I'd try a large out runner brushless motor meant for an R/C airplane, with an ESC that has reflashable firmware, so you could put BLHeli software on it. What that enables you to do is have a reverse function within the ESC. The R/C drone racers know about this stuff, but you'd be the first to apply it to a locomotive if I don't do it first. You will also want to gear reduce it so you don't go 40 mph, and you'll also want a soft start which I believe is in the BLHeli firmware, otherwise you will snap your neck back. The BLHeli firmware also allows you to sync multiple ESC'S together to have the same start values from the PWM signal. Those ESC's also have battery saver features set for LIPO batteries which you don't want, again, the BLHeli firmware allows you to fix that as well.
So, a permanent magnet DC motor is a little simpler...

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Fender
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Re: Brushless Motor Controller

Post by Fender » Mon Nov 05, 2018 3:45 pm

I need to replace the current motor b/c the rpm is way too high, and the motor is too small in wattage. I have read about the advantages of brushless motors (high starting torque, efficiency, etc.) and want to consider using one. But, I don’t know much about the electronics. I could go with another permanent magnet motor with better specs if need be.
Dan Watson

John Hasler
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Re: Brushless Motor Controller

Post by John Hasler » Mon Nov 05, 2018 4:00 pm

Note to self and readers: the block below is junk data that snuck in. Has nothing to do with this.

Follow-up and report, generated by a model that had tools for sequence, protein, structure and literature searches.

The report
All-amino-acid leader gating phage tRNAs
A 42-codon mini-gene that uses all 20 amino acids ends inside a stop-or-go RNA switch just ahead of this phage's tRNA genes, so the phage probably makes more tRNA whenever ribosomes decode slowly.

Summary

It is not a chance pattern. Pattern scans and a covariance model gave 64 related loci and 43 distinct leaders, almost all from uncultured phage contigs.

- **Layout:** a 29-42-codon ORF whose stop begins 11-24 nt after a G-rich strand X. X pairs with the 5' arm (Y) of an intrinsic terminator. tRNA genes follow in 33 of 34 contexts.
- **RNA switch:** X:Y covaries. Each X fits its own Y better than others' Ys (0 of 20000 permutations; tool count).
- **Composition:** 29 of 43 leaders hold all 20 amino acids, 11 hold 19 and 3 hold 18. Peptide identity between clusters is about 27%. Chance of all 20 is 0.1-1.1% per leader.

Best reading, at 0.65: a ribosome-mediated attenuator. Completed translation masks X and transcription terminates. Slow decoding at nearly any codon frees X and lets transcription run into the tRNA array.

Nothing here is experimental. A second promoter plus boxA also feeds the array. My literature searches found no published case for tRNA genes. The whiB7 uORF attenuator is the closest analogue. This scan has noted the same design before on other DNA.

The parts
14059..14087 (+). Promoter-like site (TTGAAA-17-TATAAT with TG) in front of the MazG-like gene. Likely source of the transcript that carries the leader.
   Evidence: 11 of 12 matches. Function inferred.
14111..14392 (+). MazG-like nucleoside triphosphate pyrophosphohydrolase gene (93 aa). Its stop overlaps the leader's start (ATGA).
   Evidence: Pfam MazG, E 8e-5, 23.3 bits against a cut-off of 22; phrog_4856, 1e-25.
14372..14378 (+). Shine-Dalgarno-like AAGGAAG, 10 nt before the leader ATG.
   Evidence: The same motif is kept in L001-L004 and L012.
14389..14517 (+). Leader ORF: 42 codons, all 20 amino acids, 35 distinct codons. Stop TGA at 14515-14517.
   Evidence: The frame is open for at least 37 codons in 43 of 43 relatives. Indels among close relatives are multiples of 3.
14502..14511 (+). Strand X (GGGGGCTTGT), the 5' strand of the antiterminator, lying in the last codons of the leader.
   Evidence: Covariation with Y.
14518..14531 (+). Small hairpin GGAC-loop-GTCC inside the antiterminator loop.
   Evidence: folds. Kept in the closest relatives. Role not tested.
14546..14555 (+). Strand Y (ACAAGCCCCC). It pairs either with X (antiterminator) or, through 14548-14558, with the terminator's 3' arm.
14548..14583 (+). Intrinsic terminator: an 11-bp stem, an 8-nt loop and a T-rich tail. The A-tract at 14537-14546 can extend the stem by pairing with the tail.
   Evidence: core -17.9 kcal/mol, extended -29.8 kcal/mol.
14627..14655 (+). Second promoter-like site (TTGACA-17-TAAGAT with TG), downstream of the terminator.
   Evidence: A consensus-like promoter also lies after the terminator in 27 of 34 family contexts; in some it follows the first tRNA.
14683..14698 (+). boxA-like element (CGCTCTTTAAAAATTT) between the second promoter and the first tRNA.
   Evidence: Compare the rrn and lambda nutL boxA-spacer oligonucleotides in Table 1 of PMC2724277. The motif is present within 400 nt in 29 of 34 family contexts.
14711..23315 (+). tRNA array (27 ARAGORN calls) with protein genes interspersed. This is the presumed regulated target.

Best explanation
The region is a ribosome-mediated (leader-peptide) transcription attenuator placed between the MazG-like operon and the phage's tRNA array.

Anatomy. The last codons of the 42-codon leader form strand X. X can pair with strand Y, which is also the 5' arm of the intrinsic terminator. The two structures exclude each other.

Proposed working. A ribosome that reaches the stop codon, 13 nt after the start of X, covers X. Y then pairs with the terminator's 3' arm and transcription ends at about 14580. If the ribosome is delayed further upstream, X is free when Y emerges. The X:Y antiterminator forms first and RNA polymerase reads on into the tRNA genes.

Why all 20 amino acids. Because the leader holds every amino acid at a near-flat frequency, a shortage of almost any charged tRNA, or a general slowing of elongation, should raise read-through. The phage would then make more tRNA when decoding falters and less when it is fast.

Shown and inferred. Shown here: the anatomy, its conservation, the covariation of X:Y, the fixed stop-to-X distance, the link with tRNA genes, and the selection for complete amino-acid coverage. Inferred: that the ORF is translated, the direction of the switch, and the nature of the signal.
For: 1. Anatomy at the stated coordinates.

A DC motor with a tachometer and a good controller that makes use of feedback from the tach can equal the performance of those brushless motors in your application. The only advantage the brushless motors would have for you is less maintenance due to the absence of brushes.

Series traction motors are what are normally used in electric locomotives, but they may be hard to find in the size you need (and decent controllers for them even harder).

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Re: Brushless Motor Controller

Post by WJH » Mon Nov 05, 2018 6:06 pm

Equal the performance for this application. For R/C airplanes, brushless motors equal their IC counterparts, and even exceed them. Thrust to weight ratios that were only a dream two decades ago. But yes, for a slow moving torque hungry locomotive, their advantages aren't really needed. I think I am still going to do it because I can, and why not?

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cbrew
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Re: Brushless Motor Controller

Post by cbrew » Tue Nov 06, 2018 8:24 am

may not be much use on the smaller electric critters, for the large locomotives, this website may be of use http://www.thunderstruck-ev.com/
If it is not live steam. its not worth it.

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Fender
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Re: Brushless Motor Controller

Post by Fender » Sun Mar 10, 2019 3:13 pm

JPEG image 3.jpeg
I want to reboot this thread with a different idea. I found these reversing transmissions that are intended for go-carts, and are relatively inexpensive. If I can connect this to an of-the-shelf brushless motor, then I can use this combo for a powertrain to get what I need. Anyone have experience with them?

$122.99
For TAV2 Series 30 torque converters
5/8" shaft diameter
Reverse Gearbox Transmission for Go-Karts with TAV2 Series 30 Torque Converters.
A reverse gearbox is commonly used on small and medium-size go-karts with 5.5 HP and 6.5 HP engines.
30 Day Warranty

Proposed motor:
24 Volt 600 Watt MAC® Brushless Electric Bicyc
24V 600W 3200 RPM high-torque brushless 24 Volt DC electric bicycle motor. Built-in variable speed controller works with any 5k Ohm throttle or potentiometer to vary the speed of motor from full stop to full forward. Clockwise shaft rotation when facing the shaft end of the motor. 8mm OD D-shaped output shaft (8.6mm across flat spot). Shaft protrudes 1/2" from motor body. 3-bolt 114mm BCD mounting pattern. These are the OEM motors for the ElecTrec® electric bicycle which has a top speed of 18mph and a 20 mile range. Made by MAC®.
Item # MOT-B24600
Dan Watson